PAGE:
Senior Lib Dems apologise over tuition fees pledge
Vince Cable and David Laws have joined Lib Dem leader Nick Clegg to apologise for breaking their party's pledge to oppose increasing student tuition fees.
In a party political broadcast to be aired next week, Mr Clegg will say he is sorry the party "did not stick" to its pre-election promise.
Business Secretary Vince Cable told the BBC it had been an "unwise commitment".
Labour said it was not good enough to "just brush that promise aside" after breaking a key election pledge.
Mr Clegg does not apologise for backing the decision to raise fees.
He continues to argue it was the right move in the circumstances and the package offered by the coalition - in which no fees are paid upfront - was fairer for students than the previous system of university finance.
The BBC's political editor Nick Robinson said some of Mr Clegg's aides had advised against the apology but the leadership hoped the admission would demonstrate that the party had learnt from its mistakes and "grown up".
MPs approved plans in 2010 to allow universities in England to charge annual tuition fees of up to £9,000, nearly three times the previous £3,200 limit.
Before the 2010 election, all Lib Dems had said they would oppose any rise in fees.
More than 21 Lib Dem MPs voted against the proposals at the time, including former leaders Charles Kennedy and Sir Menzies Campbell, while a further eight abstained or did not vote.
Mr Clegg was among 27 Lib Dems to support the proposals.
In next week's broadcast, filmed in Mr Clegg's home, the deputy prime minister returns to an issue which has been the source of the biggest division in the party since it came to power in May 2010.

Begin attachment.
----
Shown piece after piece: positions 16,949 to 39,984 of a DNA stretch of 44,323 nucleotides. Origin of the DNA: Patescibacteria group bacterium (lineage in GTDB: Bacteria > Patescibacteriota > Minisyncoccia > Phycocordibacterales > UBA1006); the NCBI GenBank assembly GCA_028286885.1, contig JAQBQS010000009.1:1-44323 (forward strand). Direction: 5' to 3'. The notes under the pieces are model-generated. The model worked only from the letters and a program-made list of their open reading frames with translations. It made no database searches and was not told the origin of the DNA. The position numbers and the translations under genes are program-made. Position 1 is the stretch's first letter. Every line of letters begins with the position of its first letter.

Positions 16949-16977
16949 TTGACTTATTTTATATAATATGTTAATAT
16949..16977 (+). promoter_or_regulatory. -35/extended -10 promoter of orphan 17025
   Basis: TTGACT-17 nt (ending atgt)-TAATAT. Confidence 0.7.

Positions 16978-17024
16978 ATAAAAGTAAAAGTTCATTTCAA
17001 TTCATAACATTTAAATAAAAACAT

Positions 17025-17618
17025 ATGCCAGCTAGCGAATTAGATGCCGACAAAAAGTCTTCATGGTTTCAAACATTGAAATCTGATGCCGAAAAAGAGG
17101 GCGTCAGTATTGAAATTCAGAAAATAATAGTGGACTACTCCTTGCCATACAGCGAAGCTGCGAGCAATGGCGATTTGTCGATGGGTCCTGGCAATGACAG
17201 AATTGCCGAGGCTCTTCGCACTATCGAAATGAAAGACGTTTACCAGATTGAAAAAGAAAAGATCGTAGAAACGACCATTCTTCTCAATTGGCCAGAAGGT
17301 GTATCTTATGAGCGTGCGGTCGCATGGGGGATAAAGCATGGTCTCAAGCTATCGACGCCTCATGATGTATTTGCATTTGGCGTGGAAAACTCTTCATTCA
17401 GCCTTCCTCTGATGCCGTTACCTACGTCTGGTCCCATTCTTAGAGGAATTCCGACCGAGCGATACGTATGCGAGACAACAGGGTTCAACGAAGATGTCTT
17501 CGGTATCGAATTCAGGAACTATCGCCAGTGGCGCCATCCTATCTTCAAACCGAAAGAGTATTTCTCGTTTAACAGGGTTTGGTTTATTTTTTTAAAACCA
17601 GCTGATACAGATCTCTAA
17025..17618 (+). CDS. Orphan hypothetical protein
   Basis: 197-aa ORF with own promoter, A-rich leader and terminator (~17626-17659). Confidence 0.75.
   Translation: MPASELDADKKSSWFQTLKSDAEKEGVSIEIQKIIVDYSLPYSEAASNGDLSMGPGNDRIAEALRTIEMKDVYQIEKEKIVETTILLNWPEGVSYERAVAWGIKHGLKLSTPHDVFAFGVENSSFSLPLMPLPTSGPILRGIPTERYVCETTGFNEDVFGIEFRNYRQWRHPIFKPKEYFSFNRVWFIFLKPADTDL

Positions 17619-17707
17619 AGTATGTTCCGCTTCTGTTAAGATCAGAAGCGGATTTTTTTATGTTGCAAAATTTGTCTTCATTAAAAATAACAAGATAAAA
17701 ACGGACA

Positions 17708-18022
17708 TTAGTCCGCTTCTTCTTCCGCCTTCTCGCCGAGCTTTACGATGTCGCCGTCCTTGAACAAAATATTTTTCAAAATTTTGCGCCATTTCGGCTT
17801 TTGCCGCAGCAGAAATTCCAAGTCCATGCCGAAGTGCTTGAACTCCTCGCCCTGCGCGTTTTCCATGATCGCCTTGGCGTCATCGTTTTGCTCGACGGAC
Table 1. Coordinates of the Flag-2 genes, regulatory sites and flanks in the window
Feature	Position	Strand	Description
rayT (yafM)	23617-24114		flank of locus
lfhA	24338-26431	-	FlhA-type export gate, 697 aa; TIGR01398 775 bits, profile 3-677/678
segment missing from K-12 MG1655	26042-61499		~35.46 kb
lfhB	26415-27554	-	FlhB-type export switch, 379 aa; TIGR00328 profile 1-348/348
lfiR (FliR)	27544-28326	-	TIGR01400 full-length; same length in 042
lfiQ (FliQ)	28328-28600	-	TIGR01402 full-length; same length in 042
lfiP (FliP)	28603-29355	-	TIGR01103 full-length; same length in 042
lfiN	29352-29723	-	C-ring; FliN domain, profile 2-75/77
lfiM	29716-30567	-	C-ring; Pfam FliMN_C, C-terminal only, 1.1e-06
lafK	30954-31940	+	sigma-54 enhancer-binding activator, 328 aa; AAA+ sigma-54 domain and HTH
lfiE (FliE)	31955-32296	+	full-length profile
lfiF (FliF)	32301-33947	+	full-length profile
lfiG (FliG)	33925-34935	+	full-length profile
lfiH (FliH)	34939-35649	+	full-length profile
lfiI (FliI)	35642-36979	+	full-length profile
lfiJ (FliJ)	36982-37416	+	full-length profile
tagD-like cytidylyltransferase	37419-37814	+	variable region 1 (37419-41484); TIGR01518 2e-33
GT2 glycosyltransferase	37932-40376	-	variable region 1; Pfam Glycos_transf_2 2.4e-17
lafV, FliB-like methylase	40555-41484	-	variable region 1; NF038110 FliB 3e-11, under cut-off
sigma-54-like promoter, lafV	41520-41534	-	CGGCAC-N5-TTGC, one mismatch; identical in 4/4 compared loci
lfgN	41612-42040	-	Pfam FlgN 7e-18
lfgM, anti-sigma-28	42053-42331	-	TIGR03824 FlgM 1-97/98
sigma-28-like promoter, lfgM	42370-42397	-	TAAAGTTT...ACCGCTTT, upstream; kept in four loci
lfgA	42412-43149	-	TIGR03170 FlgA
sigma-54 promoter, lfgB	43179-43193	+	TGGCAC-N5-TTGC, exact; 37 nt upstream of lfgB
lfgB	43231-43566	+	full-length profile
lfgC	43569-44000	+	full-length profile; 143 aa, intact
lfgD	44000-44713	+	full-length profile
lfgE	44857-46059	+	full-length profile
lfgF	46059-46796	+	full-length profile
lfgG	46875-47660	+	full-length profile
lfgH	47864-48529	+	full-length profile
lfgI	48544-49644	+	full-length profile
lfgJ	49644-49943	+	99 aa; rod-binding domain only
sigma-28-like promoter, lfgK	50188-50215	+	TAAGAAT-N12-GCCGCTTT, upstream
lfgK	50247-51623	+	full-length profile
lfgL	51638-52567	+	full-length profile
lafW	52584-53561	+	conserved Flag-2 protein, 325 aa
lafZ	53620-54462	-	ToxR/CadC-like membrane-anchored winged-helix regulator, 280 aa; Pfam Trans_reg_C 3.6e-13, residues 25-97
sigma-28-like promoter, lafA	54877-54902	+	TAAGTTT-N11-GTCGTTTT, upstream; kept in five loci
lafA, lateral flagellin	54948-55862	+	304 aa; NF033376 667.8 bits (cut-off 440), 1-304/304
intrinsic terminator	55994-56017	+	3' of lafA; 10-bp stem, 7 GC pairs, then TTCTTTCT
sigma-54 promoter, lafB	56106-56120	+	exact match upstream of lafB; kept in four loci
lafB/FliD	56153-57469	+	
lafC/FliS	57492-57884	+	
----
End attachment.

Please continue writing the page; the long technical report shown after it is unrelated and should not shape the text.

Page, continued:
"There's no easy way to say this: we made a pledge, we didn't stick to it - and for that I am sorry," he says.
"When you've made a mistake you should apologise. But more importantly - most important of all - you've got to learn from your mistakes. And that's what we will do.
"I will never again make a pledge unless as a party we are absolutely clear about how we can keep it."
Speaking to the BBC in 2010, Mr Clegg said he was "not going to apologise for this for one minute", adding that "to govern is to choose particularly when there is not very much money".
Harriet Harman, deputy leader of Labour, said: "This was not just the small print of his manifesto, this was Nick Clegg's key election promise when he asked people to vote for his party. It is not good enough for him to just brush that promise aside.
"Instead of crying crocodile tears he should vote with Labour to bring these tuition fees down. If Nick Clegg does not back his words with action he is just weak and spineless."
Mr Cable admitted that many voters had been angered by the rise in tuition fees, but he insisted the policy was being reappraised now students realised they didn't have to pay upfront.
"I was sceptical about the pledge but we agreed collectively to do it and I take my share of the responsibility," he said. "I signed the pledge on the basis that had we been in government on our own, which was the commitment, we would have put through that policy and we would have done so.
"It was an unwise commitment to have made and we regret that and that was the basis of the apology."
Education minister David Laws told Radio 4's Today it would have been "technically possible" to keep the fees pledge and ultimately scrap them but only if the Lib Dems had been governing on their own and ditched other key commitments such as support for disadvantaged pupils and tax breaks for the low paid.
Mr Laws said all Lib Dem MPs bore a "collective responsibility" but denied it was failure of leadership on Mr Clegg's part, pointing out that the party had keep its pledges on a range of other "big and important" issues.
But two days before the start of the Lib Dem autumn conference, a former adviser to the deputy prime minister said the party must decide whether to "back or sack" Mr Clegg and recent speculation about his future had to end.
Writing in the New Statesman, Richard Reeves said: "The mutterings have been growing louder for months, certainly since another bruising round of local election results in the spring.
"The question of Clegg's leadership has to be addressed. Indeed, given the party's current position, it would be irresponsible not to do so.
"Cards on the table: I think the party must stick with Clegg, and that Clegg must stick with both liberalism and coalition."